Steve’s buddy Larry Ellison sure thinks so. Commenting on HP’s firing of its CEO last year, Larry said, “The HP board just made the worst personnel decision since the idiots on the Apple board fired Steve Jobs  many years ago. That decision nearly destroyed Apple and would have if Steve hadn’t come back and saved them.”

Even John Sculley, master conspirator, now says it was a mistake to drive Steve away.

Well, not so fast, fellas. Steve’s firing is actually the reason Apple rules the world today — though admittedly, the players could not have foreseen this at the time.

Steve was pushed out because, brilliant as he was, he wasn’t all that brilliant on the business side. He was costing the company a ton of money. There was a legitimate fear that if he didn’t leave, he’d literally run the company into the ground. It was heart-wrenching, but out he went.

In exile, Steve founded NeXT Computer, Inc. NeXT was an exciting new venture for him, but it was also humbling. He didn’t have zillions of dollars to burn, so he had to court investors like Ross Perot and Canon. Financially, NeXT was a constant struggle.

This was Steve’s remedial course in Business 101. Obviously he’d learned a ton by building Apple, but NeXT taught him new levels of responsibility. Now, in a world filled with computer companies, he was going to build a new one from scratch. He’d have to stretch budgets to keep innovating through the dark times. He’d have to keep employees happy and inspired. He’d have to create new partnerships. Steve’s business skills improved immensely as a result.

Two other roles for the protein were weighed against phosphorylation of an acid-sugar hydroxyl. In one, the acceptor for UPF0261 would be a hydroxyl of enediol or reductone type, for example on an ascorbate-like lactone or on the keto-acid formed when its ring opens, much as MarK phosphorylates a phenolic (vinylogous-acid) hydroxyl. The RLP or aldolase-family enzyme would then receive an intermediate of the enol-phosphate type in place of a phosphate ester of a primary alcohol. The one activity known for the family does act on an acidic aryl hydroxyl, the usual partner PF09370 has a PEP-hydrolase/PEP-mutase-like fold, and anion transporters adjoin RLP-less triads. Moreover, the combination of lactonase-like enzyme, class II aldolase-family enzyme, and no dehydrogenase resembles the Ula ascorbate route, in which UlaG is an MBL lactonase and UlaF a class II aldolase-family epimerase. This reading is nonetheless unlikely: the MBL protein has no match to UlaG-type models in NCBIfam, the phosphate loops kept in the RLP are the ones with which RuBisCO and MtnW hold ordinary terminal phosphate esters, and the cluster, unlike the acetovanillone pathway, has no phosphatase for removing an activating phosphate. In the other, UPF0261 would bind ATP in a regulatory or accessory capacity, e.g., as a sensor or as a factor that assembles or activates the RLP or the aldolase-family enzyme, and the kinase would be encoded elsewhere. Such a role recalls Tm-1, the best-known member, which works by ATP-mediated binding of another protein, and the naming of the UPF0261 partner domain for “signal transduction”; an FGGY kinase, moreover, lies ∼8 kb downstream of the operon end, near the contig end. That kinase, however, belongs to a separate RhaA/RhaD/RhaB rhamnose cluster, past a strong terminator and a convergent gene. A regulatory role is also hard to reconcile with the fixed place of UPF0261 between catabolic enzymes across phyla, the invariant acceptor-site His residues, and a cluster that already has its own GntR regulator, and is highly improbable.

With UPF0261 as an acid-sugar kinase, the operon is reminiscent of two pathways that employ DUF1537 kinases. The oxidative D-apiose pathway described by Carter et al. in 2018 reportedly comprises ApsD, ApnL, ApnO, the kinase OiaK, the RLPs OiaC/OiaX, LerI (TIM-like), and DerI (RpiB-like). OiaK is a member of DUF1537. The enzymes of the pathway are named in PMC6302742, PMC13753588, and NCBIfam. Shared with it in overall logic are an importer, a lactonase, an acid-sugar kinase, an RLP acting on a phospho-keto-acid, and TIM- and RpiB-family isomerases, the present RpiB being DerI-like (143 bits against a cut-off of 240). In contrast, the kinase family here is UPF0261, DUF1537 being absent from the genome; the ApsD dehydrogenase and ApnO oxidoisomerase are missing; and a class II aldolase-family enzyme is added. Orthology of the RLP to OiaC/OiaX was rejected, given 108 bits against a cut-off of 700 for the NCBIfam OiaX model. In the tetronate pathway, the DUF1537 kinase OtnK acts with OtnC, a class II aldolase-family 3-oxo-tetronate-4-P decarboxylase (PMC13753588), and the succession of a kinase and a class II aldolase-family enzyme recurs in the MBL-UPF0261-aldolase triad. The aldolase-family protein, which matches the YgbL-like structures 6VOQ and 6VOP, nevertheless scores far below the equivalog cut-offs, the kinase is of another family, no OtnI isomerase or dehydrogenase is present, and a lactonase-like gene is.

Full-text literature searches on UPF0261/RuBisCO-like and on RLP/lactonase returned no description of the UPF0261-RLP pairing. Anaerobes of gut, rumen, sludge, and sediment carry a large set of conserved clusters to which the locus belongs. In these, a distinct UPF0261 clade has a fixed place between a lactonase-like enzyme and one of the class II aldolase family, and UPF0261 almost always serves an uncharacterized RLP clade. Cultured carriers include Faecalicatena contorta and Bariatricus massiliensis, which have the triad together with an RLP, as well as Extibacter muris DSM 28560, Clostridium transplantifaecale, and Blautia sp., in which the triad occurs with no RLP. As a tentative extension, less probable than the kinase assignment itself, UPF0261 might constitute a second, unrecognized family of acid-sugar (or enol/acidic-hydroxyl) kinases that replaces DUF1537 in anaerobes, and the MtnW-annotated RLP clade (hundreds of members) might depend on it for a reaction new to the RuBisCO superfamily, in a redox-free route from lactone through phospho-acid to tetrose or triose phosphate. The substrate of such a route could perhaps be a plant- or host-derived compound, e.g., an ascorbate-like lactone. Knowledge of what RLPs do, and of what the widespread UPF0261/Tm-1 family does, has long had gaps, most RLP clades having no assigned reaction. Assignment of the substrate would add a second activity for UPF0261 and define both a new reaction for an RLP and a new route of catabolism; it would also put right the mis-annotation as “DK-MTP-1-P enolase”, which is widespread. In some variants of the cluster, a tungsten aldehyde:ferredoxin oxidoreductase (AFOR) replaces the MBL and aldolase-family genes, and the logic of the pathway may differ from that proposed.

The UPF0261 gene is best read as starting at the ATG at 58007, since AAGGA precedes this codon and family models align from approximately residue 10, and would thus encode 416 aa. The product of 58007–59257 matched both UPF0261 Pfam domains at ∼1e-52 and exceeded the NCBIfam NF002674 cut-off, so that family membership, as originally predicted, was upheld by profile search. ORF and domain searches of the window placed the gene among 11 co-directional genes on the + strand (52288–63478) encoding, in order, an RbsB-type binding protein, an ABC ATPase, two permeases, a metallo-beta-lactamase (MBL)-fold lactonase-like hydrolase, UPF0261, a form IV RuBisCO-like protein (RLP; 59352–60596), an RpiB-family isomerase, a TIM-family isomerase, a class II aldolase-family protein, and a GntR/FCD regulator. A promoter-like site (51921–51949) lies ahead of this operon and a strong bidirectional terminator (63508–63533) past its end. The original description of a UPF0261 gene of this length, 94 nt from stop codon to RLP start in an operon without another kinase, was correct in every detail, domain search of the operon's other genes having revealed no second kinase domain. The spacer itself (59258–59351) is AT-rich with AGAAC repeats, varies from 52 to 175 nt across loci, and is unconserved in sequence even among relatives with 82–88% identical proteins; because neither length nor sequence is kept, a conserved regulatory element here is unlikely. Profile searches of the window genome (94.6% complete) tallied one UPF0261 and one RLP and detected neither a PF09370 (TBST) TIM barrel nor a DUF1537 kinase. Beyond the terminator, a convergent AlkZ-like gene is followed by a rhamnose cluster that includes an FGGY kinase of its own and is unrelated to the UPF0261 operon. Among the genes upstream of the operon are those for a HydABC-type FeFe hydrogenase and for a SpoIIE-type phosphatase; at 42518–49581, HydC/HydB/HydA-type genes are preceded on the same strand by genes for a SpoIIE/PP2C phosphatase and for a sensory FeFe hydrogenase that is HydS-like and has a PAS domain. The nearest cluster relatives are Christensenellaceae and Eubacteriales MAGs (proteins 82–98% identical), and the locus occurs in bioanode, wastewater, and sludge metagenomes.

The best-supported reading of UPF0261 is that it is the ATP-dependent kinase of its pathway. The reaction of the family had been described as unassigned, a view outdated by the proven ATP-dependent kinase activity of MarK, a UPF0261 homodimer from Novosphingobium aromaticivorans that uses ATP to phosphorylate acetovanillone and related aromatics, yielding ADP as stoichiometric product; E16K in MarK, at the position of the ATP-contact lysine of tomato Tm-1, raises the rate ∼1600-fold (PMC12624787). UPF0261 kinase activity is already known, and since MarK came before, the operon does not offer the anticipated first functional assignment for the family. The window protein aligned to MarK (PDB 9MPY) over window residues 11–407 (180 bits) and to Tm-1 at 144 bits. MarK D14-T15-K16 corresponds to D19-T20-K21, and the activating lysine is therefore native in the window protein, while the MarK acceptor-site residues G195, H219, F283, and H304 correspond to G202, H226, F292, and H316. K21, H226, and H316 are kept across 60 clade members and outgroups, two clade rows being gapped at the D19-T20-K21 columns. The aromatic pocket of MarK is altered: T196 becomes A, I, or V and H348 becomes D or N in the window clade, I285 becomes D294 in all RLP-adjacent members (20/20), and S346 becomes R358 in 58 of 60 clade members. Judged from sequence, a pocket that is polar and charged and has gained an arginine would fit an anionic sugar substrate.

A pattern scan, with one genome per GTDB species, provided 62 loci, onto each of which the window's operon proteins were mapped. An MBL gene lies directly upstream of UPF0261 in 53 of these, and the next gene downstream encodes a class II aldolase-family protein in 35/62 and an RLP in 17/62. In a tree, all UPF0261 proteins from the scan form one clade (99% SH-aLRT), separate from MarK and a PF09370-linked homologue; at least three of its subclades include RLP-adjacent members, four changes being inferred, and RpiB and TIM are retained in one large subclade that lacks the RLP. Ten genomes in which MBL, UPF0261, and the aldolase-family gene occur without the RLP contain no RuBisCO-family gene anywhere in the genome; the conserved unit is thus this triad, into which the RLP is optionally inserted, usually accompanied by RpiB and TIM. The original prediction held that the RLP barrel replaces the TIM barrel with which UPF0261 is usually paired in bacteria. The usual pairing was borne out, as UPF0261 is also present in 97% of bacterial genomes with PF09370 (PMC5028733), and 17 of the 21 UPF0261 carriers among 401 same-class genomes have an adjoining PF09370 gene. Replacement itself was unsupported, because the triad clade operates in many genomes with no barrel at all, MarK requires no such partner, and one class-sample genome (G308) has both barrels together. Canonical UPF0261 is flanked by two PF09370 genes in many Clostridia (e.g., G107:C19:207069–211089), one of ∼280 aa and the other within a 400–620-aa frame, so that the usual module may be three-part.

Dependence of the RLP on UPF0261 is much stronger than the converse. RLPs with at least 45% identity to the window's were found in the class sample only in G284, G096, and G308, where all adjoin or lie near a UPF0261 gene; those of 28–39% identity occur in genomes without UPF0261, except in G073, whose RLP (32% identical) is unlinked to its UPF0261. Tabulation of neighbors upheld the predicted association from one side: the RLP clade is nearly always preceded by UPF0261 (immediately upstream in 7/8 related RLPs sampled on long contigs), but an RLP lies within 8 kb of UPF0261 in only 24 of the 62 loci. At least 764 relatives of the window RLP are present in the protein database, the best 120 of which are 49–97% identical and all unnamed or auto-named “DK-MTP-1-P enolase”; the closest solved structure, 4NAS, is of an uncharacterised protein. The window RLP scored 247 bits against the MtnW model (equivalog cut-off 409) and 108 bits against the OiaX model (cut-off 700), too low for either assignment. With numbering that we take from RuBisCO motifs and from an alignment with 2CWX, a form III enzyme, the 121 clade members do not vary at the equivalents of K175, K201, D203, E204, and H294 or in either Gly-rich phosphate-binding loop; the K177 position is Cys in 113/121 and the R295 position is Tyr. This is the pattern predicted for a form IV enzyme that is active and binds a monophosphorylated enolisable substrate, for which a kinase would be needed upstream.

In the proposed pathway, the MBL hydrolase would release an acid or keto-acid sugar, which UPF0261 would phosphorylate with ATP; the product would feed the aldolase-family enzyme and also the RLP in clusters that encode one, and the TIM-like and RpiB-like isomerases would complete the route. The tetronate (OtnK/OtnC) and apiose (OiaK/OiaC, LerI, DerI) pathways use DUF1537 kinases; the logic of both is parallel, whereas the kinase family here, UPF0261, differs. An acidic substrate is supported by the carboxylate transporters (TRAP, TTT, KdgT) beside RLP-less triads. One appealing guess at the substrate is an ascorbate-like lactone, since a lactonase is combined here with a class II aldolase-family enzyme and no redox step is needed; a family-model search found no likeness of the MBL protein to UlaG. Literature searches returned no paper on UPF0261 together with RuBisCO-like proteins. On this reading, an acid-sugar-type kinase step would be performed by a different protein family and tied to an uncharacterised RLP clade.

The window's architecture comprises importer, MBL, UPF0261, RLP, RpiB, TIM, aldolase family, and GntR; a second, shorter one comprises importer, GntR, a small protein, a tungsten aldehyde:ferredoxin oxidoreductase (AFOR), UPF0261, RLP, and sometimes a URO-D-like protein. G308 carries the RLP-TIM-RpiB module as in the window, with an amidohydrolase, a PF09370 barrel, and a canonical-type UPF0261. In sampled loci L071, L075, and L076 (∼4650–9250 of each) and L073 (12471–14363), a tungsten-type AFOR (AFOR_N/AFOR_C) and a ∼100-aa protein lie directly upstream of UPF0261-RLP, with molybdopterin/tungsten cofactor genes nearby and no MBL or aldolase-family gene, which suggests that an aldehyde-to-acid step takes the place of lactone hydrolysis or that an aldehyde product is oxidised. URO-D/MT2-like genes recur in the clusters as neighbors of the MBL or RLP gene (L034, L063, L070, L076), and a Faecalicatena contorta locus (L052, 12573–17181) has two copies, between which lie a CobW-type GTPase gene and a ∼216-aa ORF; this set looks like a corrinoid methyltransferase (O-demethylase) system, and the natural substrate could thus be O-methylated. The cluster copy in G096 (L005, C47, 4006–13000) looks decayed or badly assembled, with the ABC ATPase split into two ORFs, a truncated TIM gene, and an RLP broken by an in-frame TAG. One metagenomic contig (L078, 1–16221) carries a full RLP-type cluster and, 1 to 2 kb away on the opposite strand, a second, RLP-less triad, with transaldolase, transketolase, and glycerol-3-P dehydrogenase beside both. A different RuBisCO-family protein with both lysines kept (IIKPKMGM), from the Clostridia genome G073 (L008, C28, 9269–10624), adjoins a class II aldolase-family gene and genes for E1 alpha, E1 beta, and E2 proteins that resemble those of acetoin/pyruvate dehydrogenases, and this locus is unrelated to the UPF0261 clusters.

With NeXT, Steve would experience something he’d never really known before: failure. At least failure in the sense that his beautiful new computer didn’t exactly set the world on fire. The press paid attention, but they wrote about a struggling NeXT, not a smashing new success. At some point, Steve would be forced to give up on the hardware and concentrate on what really made NeXT special: its software.

And so, when Apple found itself floundering, desperately in need of a new direction for the Mac OS, they bought NeXT. This gave them the technology to build Mac OS X, and it also brought Steve Jobs home — a more mature, business-savvy, fire-tested Steve Jobs than had ever walked the halls of Apple before.

If Apple hadn’t sent Steve into exile in 1985, there would have been no NeXT. Mac OS X would have been very, very different. And Steve himself would have been very, very different.

You only have to listen to Steve to appreciate how this experience changed him. In his speech at Stanford’s commencement in 2008, he said:

“I didn’t see it then, but it turned out that getting fired from Apple was the best thing that could have ever happened to me. The heaviness of being successful was replaced by the lightness of being a beginner again, less sure about everything. It freed me to enter one of the most creative periods of my life.”

Things worked out pretty well for Steve personally too. It was while at NeXT that he met his wife and started a family.

And so, a hearty thank-you to John Sculley and the Apple board for chasing away the one man who could save the company. In the process, you set the wheels in motion to re-create the company — and re-create the man.